Speaking for myself and immediate colleagues who have been involved with my research: Most of our research has been mission-oriented, dendroclimatic research. That means to find climatically-sensitive, old-aged trees and sample them in order to extend the quantitative record of climatic variations. Also, to relate these records to the real world and investigate the climate system and its functioning. The first part produces absolutely-dated time series of tree-ring variations. We try to sample trees at sites where there is likely to be a strong climatic signal, usually temperature or precipitation. Sometimes we are successful, sometimes we are not. We compare the tree-ring series to climate records to test what the climate signal is. We sample latitudinal treeline and elevational treeline looking for temperature-sensitive trees with both a high-frequency and low-frequency response to temperature. A high-frequency temperature response to summer is most frequently found at these extreme locations. However, trees have much more information if one finds trees with a good communal high and low frequency variations that correspond or correlate to local or regional temperatures for longer seasons. There is abundant information to explain the physiological processes in cooler seasons and why trees can respond to more than just summer season. The sampling and development of a tree-ring chronology is an investment of research energy, time, and money. The best efforts in site selection and sampling do not always produce a good chronology. It is only as the samples are processed and analyzed that the quality, or lack thereof becomes evident. First is the dating: this is enabled by high-frequency common variation among the trees. The dating is achieved and tested by various methods. Then the chronology is developed from the correctly dated ring-width measurements and evaluated. Testing: Is there a common low-frequency signal among the trees? At a good temperature- sensitive site with good trees, there is.  We conduct common period analyses of the low- frequency variation within the cores samples from a site. Sometimes, even with our best efforts in the field, there may not be a common low-frequency variation among the cores or trees at a site. This result would mean that the trees are influenced by other factors that interfere with the climate response. There can be fire, insect infestation, wind, or ice storm etc. that disturb the trees. Or there can be ecological factors that influence growth. We try to avoid the problems but sometimes cannot and it is in data processing that the non-climatic disturbances are revealed. We strive to develop and use the best data possible. The criteria are good common low and high-frequency variation, absence of evidence of disturbance (either observed at the site or in the data), and correspondence or correlation with local or regional temperature. If a chronology does not satisfy these criteria, we do not use it. The quality can be evaluated at various steps in the development process. As we are mission oriented, we do not waste time on further analyses if it is apparent that the resulting chronology would be of inferior quality. If we get a good climatic story from a chronology, we write a paper using it. That is our funded mission. It does not make sense to expend efforts on marginal or poor data and it is a waste of funding agency and taxpayer dollars. The rejected data are set aside and not archived. As we progress through the years from one computer medium to another, the unused data may be neglected. Some [researchers] feel that if you gather enough data and n approaches infinity, all noise will cancel out and a true signal will come through. That is not true. I maintain that one should not add data without signal. It only increases error bars and obscures signal. As an ex- marine I refer to the concept of a few good men. A lesser amount of good data is better without a copious amount of poor data stirred in. Those who feel that somewhere we have the dead sea scrolls or an apocrypha of good dendroclimatic data that they can discover are doomed to disappointment. There is none. Fifteen years is not a delay. It is a time for poorer quality data to be neglected and not archived. Fortunately our improved skills and experience have brought us to a better recent record than the 10 out of 36. I firmly believe we serve funding agencies and taxpayers better by concentrating on analyses and archiving of good data rather than preservation of poor data.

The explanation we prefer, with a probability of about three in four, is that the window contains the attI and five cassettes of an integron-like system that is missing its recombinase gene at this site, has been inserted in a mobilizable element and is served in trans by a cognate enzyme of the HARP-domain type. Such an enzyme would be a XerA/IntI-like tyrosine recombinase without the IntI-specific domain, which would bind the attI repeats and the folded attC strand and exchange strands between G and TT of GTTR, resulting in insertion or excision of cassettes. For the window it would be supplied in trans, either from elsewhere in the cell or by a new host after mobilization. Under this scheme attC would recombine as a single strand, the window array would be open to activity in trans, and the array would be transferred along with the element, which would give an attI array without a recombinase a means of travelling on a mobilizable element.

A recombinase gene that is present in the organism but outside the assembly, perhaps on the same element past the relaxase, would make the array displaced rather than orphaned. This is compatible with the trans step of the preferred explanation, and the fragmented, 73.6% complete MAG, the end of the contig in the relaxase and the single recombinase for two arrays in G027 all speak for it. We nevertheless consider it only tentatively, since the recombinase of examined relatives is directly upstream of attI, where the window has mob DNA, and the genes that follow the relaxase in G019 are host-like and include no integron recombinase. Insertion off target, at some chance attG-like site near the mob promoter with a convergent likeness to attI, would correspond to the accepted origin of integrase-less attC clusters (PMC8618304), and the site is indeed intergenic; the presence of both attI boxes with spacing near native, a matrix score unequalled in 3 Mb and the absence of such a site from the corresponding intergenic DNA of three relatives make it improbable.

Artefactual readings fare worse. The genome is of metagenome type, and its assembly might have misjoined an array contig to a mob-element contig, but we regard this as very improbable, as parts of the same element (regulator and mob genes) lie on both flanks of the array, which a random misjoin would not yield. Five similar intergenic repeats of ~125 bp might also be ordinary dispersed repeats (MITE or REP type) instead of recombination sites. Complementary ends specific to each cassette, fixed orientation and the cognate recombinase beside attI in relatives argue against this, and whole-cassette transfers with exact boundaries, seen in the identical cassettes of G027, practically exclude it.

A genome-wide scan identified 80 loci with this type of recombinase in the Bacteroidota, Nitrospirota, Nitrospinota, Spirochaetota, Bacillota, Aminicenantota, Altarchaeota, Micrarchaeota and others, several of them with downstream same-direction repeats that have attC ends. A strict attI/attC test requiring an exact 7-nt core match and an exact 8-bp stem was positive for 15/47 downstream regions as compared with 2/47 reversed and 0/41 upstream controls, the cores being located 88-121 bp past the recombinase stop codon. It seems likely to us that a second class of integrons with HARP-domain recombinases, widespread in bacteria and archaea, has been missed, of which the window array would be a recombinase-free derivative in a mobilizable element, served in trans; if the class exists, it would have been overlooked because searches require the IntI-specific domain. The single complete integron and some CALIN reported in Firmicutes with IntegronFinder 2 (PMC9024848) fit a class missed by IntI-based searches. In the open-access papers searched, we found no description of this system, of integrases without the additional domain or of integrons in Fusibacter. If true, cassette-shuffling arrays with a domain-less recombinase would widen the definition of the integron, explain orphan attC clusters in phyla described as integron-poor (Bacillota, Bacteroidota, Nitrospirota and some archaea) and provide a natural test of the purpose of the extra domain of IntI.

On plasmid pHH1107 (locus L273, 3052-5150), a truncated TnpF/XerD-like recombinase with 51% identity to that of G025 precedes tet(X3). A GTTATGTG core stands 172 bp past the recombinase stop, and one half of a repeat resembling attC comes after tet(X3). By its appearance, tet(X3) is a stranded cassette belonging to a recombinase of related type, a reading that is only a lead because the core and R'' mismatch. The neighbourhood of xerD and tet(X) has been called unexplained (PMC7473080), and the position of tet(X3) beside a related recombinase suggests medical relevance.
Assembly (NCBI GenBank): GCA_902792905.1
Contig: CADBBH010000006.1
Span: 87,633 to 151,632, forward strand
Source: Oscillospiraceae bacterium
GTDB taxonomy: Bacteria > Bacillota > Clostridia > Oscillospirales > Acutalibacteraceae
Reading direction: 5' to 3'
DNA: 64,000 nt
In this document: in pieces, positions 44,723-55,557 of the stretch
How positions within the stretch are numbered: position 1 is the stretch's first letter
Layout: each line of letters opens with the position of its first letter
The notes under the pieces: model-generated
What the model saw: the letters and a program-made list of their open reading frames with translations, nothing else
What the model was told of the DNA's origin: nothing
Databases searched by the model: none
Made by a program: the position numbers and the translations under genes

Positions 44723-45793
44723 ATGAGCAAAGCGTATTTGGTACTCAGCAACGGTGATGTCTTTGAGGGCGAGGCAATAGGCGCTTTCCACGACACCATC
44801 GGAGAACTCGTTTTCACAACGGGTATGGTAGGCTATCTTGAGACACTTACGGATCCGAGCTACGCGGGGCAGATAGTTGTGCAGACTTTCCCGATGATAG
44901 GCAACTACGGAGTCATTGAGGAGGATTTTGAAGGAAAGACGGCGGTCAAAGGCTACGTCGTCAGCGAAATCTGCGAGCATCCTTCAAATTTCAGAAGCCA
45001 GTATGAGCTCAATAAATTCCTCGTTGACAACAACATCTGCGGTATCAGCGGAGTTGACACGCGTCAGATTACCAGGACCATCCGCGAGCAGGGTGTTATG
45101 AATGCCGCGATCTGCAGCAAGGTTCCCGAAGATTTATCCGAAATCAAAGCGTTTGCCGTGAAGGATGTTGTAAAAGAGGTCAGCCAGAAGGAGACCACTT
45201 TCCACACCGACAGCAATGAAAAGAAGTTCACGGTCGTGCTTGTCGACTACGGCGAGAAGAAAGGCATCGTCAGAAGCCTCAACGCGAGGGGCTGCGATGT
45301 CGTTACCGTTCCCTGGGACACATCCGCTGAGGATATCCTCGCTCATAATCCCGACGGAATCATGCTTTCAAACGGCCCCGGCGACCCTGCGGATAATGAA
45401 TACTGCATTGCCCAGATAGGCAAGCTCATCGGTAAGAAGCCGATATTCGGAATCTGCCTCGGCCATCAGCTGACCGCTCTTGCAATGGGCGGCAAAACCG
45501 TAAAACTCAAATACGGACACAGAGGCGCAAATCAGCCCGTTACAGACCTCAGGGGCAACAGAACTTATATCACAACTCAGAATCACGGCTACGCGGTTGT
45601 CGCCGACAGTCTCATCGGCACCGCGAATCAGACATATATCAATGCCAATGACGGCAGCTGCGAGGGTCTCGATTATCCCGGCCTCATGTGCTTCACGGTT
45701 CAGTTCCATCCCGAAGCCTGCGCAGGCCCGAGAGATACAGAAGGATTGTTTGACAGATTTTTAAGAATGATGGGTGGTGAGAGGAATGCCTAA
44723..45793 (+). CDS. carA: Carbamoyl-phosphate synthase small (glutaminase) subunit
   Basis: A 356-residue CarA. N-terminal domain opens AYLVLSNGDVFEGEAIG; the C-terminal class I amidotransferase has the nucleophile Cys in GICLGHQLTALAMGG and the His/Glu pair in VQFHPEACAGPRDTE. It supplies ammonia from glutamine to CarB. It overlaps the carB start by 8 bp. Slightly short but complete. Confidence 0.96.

I guess I won't be getting the data. It would be my position that, if they picked 10 of 36 sites, they used all 36 sites in their study. Imagine this argument in the hands of a drug trial. Let's suppose that they studied 36 patients and picked the patients with the 10 best responses, and then refused to produce data on the other 26 patients on the grounds that they didn't discuss these other patients in their study. It's too ridiculous.